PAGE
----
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Teens trained to help in emergencies Robert Moreno | Sat, Feb 15 2014 12:00 PM

The city of National City’s community emergency team that assists people affected by disasters and emergencies in the city is now training teenagers to help in these situations.

The city’s Community Emergency Response Team (CERT) has been in existence for two years, but for the first time last September, the academy included teenagers.

Walter Amedee, a National City firefighter and CERT program manager, said the idea of including teenagers started when he would often turn away high school students seeking community service hours at the firestation because there was nothing for them to do.

“It occurred to me if we trained these teens to become CERT members we’re actually teaching them something that hopefully, as they become adults, and if we had a disaster like an earthquake, they can do something,” Amedee said.
To equip themselves for an emergency or disaster, CERT members go through fire extinguisher training, basic medical preparedness training, training on how to prepare an emergency kit and how to coordinate with the city’s Emergency Operations Center.

“We train them on the type of disasters that can occur and what they should do before, during and after,” Amedee said.

Amedee said he decided not to strictly have a teenage CERT course, instead incorporated teenagers into the same classes with the adults.

He said last session there were 16 teens and 27 adults taking CERT courses.

A benefit to mixing the teenagers with the adults Amedee said is that they make it a family affair.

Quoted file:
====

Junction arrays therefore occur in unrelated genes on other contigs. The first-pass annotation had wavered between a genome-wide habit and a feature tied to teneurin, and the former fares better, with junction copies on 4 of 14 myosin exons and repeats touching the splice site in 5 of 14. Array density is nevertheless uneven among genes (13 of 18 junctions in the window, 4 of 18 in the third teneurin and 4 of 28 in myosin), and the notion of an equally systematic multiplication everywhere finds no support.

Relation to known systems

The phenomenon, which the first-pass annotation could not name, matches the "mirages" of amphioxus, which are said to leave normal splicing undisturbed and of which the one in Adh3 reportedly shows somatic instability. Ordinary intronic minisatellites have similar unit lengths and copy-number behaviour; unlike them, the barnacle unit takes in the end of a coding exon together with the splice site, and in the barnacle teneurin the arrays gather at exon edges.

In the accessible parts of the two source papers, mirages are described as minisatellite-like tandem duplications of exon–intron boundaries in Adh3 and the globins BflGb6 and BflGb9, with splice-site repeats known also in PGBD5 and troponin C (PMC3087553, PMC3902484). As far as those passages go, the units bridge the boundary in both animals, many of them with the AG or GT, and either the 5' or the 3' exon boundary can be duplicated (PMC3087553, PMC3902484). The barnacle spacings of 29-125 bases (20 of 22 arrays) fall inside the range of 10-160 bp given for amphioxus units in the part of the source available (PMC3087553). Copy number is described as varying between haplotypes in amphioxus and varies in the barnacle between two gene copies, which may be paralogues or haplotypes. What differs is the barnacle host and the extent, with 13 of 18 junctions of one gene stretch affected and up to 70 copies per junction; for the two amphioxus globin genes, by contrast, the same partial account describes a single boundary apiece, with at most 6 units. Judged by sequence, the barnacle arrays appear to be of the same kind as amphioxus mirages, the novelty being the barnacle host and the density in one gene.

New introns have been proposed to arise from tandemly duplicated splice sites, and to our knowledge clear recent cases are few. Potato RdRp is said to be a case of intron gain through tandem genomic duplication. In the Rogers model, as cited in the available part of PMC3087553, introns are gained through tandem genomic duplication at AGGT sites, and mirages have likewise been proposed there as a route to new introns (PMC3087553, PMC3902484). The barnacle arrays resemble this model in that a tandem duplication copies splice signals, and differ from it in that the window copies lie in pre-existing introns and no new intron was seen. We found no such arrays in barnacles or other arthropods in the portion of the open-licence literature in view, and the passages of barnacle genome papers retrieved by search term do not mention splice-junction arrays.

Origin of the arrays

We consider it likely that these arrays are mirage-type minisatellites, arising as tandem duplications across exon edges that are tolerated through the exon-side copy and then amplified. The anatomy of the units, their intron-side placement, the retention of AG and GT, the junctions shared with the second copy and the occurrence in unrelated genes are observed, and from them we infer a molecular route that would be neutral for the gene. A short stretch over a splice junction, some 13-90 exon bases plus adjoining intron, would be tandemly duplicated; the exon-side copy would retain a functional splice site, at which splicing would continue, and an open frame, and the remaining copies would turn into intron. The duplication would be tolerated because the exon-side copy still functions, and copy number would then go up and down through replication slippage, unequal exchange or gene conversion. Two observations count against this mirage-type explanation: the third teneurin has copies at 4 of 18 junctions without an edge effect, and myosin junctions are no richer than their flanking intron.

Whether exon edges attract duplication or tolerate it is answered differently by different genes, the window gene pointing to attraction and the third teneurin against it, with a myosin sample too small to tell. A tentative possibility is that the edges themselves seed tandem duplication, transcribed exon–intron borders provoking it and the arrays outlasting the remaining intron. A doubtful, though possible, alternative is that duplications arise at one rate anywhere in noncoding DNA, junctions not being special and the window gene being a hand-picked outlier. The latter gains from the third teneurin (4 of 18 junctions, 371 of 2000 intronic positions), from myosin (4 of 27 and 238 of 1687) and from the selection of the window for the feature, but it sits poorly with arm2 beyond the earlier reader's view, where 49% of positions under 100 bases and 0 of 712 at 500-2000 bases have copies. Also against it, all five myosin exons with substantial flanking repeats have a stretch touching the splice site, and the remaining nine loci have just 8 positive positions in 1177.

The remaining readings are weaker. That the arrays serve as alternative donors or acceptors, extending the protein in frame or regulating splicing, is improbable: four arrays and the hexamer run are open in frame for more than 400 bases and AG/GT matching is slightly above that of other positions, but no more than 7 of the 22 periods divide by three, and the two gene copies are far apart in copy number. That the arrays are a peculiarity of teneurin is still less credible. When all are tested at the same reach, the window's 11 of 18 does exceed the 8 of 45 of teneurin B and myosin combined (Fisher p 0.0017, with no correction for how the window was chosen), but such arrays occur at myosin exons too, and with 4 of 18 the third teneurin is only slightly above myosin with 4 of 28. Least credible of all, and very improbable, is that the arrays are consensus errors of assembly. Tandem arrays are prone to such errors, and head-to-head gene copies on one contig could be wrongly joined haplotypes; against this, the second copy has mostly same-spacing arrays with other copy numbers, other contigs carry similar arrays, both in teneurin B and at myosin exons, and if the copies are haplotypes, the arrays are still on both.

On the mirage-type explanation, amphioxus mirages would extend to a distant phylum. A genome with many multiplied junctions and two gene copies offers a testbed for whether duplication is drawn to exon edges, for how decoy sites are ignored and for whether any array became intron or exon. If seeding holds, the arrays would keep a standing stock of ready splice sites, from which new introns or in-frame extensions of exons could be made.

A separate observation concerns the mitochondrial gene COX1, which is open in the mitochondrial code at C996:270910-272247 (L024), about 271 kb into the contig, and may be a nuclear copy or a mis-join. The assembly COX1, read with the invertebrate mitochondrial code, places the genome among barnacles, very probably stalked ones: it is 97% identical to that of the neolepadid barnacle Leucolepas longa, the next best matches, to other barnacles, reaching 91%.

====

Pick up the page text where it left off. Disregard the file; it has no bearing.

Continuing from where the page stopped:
“Some of them brought their family members, it was a whole family that came and they go through the program too,” he said. “That was an added bonus that we didn’t even think of, that these teens are bringing in their family members.”

The program requires each individual to complete a total of 24 hours of training.

Classes are one day a week for three hours for eight weeks.

Amedee said he didn’t have to adjust the way he teaches the course for teenagers to understand the curriculum.

“There isn’t really much of a difference,” he said. “The course is actually the same.”

Parents just need to sign a waiver allowing their teen to participate in the program, he said.

At the completion of the academy, each individual will receive a certificate that says they are CERT qualified.

If a member wants to continue and be an official CERT member for the city, they would need to go through a background check with the city and be sworn in by the City Clerk’s Office.

Amedee said so far there haven’t been any emergencies that required the teenagers involvement.

He said having fully-trained community members will make his job easier should a disaster happen.

“We, as a city, know that if we had a major disaster like an earthquake, we would not be able to deal with the disaster on our own,” he said. The CERT program is free to the public.

Amedee said the fire department pays its firefighters overtime to teach a CERT class.

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